A collision occurs, if shares its location with another agent. The set of goal nodes (goal positions) in the graph is uniquely defined by a set of physical goal locations in the world. The target is to move towards a goal node without colliding with other agents. Technically, we need to synthesize a strategy for that maximizes the probability to achieve the target. Additionally, we assume:

The strategies of all opponents are known to .

is able to observe its own position and knows the goal positions it has to reach.

The positions of opponents are observable for from its current position, if they are visible with respect to a certain distance metric.
Generalizing the problem statement is discussed in Sect. VI.
IiiB Formal setting
We first define an individual world graph for each [i] with over a fixed set of (physical) locations. [World graph of [i]] The world graph for [i] over is a tuple such that is the set of positions and is the initial position of [i]. is the set of movements^{1}^{1}1We use movements to avoid confusion with actions in PGs.; the edges are the movement effects. The function maps a position to the corresponding location. The enabled movements for Agent in position are .
For we need the possibility to restrict its viewing range. This is done by a function which assigns to each position of the set of visible locations. According to our assumptions, for all it holds that and .
Each [i] with has a randomized strategy , which maps positions of and [i] to a distribution over enabled movements of [i]. The world graphs for all agents with randomized strategies for the opponents are subsumed by a single world POMDP. We first define the underlying world MDP modeling the possible behavior of all agents based on their associated world graphs. [World MDP] Given world graphs , the induced world MDP is defined by , , and . is defined by:

For and , we have .

, with , , and .

in all other cases.
The first item in the definition of translates each movement in the world graph of into an action in the MDP that connects states with probability one, a Dirac distribution is attached to each action. Upon taking the action, the position of changes and [1] has to move next.
The second item defines movements of the opponents. In each state where [i] is moving next, the action reflecting this move is added. The outcome of is determined by and the fact that Agent moves next. [World POMDP] Let be a world MDP for world graphs . The world POMDP with and defined by:
Thus, the position of [i] is observed iff the location of [i] is visible from the position of , and otherwise a dummy value , which is referred to as far away, is observed.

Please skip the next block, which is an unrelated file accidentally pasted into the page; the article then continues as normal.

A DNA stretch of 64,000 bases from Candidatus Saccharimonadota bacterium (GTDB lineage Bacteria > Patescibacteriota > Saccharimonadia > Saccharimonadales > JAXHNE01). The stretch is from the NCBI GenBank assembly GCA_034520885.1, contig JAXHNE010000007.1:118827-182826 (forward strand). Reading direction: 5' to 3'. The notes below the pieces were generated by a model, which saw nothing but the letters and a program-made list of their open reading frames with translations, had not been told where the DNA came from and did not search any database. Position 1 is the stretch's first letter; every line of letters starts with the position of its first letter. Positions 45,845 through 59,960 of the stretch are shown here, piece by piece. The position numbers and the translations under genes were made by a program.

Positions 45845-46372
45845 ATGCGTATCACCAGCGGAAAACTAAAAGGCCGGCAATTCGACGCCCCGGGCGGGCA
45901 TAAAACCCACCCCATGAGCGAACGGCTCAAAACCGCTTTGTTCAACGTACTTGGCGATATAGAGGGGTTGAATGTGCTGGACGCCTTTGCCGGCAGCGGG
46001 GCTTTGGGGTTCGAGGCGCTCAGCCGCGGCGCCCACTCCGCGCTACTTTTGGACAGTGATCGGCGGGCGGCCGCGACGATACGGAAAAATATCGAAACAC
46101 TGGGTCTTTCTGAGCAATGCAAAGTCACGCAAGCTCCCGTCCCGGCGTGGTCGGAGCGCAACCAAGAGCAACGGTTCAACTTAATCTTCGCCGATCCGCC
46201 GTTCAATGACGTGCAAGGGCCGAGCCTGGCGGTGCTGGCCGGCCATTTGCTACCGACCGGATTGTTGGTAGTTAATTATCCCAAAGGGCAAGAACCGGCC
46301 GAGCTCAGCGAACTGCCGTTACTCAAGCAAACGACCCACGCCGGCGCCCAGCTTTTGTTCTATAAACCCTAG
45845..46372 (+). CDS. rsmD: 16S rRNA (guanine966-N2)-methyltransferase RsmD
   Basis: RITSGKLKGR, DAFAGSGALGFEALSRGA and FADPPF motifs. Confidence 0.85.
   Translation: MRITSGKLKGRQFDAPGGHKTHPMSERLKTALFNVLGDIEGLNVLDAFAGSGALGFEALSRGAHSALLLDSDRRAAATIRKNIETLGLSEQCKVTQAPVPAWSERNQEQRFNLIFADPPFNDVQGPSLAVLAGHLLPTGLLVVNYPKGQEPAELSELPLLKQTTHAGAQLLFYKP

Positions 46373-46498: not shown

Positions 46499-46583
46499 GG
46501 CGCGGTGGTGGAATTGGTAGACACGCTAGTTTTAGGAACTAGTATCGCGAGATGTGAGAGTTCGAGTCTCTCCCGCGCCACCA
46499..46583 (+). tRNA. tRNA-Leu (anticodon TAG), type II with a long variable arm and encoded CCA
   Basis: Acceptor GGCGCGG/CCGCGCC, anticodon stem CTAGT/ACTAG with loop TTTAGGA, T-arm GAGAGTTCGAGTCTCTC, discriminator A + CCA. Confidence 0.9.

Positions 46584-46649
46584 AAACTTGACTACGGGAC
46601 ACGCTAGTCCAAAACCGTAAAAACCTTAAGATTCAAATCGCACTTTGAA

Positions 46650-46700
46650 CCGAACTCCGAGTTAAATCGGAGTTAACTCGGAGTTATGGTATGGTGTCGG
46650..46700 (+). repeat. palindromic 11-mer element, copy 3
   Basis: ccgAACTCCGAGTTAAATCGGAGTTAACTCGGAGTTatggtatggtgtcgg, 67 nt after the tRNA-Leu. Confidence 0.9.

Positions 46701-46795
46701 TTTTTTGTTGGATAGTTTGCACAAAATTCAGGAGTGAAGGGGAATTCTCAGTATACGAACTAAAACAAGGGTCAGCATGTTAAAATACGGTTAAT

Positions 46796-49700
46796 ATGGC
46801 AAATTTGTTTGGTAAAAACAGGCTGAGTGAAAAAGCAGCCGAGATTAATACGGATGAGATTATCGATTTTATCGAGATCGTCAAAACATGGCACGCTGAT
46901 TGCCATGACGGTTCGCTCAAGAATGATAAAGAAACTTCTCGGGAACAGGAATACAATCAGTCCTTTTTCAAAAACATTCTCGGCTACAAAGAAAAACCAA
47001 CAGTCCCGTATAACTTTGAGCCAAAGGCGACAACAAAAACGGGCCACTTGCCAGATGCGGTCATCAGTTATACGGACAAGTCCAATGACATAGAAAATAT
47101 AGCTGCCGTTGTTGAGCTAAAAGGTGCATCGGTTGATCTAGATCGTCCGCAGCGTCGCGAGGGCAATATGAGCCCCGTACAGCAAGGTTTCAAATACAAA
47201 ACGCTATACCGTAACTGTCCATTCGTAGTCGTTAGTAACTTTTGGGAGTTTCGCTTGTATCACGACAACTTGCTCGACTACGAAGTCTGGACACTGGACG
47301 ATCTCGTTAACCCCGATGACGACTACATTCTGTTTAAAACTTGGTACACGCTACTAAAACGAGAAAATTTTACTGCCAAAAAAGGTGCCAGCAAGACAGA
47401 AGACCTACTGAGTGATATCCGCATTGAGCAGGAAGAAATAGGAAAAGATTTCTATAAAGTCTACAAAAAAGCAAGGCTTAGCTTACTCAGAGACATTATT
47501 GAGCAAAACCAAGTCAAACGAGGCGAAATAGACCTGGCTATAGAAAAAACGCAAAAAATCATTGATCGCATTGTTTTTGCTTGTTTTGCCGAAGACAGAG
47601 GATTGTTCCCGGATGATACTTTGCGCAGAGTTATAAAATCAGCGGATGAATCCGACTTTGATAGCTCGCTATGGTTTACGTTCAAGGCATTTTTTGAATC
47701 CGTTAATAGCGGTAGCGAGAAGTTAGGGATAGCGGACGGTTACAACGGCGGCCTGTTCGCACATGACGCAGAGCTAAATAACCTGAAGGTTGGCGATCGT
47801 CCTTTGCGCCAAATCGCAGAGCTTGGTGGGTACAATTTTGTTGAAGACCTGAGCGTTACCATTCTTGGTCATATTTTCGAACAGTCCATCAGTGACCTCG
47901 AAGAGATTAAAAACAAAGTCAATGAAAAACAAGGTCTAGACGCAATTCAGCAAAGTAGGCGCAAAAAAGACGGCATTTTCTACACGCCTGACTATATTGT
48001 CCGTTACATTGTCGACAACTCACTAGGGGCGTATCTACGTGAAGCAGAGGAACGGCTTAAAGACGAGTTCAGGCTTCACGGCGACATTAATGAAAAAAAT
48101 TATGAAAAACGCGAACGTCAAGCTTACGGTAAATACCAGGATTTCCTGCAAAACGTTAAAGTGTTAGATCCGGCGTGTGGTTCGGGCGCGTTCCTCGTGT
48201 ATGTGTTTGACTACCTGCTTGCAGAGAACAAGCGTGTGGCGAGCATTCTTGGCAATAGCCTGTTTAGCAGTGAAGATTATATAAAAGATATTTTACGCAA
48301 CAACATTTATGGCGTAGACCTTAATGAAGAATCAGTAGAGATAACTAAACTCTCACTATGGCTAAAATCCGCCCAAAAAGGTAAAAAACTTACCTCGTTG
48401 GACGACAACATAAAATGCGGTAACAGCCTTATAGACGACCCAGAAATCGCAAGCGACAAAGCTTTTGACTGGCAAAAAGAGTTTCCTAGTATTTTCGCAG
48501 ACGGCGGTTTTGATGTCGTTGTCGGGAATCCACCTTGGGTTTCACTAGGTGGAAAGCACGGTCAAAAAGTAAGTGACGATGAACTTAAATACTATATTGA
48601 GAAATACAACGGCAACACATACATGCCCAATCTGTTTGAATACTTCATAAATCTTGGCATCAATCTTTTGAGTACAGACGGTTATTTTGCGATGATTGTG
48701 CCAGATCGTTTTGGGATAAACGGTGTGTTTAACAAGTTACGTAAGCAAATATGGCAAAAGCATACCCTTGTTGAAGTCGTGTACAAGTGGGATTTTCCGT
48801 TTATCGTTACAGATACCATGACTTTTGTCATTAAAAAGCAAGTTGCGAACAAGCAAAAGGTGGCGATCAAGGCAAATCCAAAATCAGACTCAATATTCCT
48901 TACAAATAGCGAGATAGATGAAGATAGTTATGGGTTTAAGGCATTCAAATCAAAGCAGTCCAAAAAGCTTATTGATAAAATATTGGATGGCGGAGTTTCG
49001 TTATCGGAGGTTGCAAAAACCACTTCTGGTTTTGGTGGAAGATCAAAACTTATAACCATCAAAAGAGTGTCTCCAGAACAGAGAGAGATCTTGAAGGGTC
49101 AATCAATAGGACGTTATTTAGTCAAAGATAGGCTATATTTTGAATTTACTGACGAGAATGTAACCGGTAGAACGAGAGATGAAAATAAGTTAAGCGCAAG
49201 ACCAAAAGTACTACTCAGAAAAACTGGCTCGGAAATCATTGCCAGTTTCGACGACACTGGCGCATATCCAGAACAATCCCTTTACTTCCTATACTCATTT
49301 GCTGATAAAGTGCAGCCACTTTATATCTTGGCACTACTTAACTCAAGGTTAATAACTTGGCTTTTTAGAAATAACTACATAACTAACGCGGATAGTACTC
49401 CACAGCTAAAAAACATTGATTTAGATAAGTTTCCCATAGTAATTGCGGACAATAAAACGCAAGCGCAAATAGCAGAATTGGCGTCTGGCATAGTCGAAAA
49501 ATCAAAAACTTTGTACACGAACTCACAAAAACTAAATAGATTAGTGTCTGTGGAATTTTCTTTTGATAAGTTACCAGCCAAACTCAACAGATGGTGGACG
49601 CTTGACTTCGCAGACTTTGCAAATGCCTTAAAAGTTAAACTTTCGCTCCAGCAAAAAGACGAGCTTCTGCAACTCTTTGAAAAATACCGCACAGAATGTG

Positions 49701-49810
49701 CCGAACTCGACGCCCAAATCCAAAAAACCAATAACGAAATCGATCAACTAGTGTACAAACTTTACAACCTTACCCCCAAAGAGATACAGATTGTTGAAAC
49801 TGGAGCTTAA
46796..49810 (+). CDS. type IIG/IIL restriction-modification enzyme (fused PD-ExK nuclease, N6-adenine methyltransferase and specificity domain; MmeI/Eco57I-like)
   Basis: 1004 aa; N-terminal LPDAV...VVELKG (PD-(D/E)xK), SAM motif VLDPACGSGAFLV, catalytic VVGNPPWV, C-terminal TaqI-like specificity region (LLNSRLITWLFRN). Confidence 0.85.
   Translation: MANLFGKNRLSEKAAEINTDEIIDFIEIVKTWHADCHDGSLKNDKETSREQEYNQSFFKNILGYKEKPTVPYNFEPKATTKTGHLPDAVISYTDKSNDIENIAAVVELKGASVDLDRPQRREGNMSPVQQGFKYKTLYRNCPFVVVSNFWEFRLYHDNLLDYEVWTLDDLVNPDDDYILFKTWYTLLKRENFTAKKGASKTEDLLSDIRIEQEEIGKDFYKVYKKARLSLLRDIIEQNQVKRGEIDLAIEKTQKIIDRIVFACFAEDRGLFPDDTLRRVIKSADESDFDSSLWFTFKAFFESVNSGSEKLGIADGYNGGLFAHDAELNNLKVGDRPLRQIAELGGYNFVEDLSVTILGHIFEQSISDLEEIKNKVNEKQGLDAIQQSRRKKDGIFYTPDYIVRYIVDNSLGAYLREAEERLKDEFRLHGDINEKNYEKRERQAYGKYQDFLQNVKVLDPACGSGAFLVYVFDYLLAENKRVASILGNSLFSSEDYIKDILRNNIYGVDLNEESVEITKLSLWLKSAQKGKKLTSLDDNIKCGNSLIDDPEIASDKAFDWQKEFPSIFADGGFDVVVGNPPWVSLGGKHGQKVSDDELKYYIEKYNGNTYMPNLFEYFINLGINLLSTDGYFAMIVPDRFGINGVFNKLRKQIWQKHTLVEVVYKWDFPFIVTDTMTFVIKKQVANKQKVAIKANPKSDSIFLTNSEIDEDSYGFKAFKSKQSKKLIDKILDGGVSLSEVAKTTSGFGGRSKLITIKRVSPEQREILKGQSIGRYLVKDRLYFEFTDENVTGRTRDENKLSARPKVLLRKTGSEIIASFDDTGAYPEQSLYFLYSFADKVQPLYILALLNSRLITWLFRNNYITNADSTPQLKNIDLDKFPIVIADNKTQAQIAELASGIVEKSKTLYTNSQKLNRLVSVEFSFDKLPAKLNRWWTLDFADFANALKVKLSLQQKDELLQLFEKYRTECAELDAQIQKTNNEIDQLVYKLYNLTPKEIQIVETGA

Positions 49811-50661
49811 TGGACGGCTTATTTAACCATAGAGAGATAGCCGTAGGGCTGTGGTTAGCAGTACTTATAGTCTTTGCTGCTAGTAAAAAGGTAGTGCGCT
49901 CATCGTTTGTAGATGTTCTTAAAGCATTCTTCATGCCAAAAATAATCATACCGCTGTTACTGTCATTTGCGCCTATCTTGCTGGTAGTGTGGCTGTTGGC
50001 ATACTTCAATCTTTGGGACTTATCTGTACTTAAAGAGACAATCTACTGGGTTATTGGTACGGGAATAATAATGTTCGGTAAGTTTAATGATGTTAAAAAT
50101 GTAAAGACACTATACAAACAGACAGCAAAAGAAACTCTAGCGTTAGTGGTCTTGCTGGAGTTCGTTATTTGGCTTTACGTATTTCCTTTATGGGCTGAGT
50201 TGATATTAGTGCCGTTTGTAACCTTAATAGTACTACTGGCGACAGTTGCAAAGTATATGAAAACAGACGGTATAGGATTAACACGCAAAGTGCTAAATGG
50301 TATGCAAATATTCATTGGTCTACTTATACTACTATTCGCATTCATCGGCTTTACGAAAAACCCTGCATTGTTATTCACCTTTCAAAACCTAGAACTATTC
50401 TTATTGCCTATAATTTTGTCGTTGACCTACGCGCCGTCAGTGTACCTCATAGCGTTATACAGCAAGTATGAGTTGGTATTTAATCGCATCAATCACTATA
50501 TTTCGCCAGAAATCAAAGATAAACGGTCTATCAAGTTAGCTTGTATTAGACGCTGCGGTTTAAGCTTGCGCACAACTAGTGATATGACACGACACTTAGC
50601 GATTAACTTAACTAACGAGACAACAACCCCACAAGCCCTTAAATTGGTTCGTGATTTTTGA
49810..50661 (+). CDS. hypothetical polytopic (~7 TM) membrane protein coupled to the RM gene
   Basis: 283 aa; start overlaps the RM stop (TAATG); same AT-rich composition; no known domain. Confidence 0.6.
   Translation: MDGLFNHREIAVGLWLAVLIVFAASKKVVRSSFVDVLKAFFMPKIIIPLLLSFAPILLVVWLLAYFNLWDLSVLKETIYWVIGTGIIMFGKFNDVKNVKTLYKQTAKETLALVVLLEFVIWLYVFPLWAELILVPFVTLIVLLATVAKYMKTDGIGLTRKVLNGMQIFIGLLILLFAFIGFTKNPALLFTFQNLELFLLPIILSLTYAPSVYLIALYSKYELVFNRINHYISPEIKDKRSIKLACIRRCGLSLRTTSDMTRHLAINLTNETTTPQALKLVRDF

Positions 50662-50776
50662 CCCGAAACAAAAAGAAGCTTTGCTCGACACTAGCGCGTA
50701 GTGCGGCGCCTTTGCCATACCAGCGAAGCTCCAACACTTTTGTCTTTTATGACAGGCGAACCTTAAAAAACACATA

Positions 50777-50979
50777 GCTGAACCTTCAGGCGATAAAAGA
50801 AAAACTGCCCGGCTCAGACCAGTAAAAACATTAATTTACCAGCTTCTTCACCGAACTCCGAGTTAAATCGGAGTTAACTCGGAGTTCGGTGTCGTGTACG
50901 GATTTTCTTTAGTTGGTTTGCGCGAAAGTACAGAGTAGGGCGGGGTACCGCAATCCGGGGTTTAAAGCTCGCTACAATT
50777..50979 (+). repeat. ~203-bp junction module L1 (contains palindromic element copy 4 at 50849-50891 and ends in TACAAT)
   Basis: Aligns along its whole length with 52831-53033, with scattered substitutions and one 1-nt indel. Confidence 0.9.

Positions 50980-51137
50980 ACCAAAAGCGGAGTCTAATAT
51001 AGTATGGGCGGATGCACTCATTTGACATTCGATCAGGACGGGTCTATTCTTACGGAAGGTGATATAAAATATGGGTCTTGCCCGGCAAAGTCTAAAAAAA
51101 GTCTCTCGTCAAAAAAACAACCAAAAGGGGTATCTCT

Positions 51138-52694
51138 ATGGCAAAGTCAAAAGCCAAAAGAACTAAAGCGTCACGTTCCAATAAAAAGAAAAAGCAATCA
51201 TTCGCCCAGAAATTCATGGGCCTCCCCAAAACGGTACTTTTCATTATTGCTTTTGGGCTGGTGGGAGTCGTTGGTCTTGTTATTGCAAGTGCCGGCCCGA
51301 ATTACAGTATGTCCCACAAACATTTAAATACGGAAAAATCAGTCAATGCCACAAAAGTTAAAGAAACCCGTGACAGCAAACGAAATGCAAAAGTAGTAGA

Given a set , the mappings are used to define the states corresponding to collisions and goal locations. In particular, we have and .
Formal problem statement
Given a world POMDP for a set of world graphs , a set of collision states Collision, and a set of goal states Goals, an observationbased strategy for is safe for , if holds. We want to compute a safe strategy for a given .
IiiC Abstraction
We propose an abstraction method for world POMDPs that builds on gamebased abstraction (GBAR), originally defined for MDPs [10, 11].
GBAR for MDPs
For an MDP , we assume a partition of , a set of nonempty, pairwise disjoint, subsets (called blocks) with . GBAR takes the partition and turns each block into an abstract state ; these blocks form the Player 1 states. Then . To determine the outcome of selecting , we add intermediate selectorstates as Player 2 states. In the selector state , emanating actions reflect the choice of the actual state the system is in at , . For taking an action in , the distribution is lifted to a distribution over abstract states:
The semantics of this PG is as follows: For an abstract state , Player 1 (controllable) selects an action to execute. In selectorstates, the Player 2 (adversary) selects the worstcase state from where the selection was executed.
Applying GBAR to POMDPs
The key idea in GBAR for POMDPs is to merge states with equal observations. [Abstract PG] The abstract PG of POMDP is with , , s. t. , and .
The transition probabilities are defined as follows:

for and ,

for , , and ,

and in all other cases.
By construction, Player 1 has to select the same action for all states in an abstract state. As the abstract states coincide with the observations, this means that we obtain an observationbased strategy for the POMDP. For the classes of properties we consider, a memoryless deterministic strategy suffices for PGs to achieve the maximal probability of reaching a goal state without collision [31]. We thus obtain an optimal strategy for Player in the PG which maps every abstract state to an action. As abstract states are constructed such that they coincide with all possible observations in the POMDP (see Def. IIIC), this means that maps every observation to an action.
Abstract world PG
We now connect the abstraction to our setting. For ease of presentation, we assume in the rest of this section that there is only one opponent agent, we have and [1]. Therefore, if sees an agent and moves, no additional agent will appear. Moreover, either knows the exact state, or does not know where the opponent is.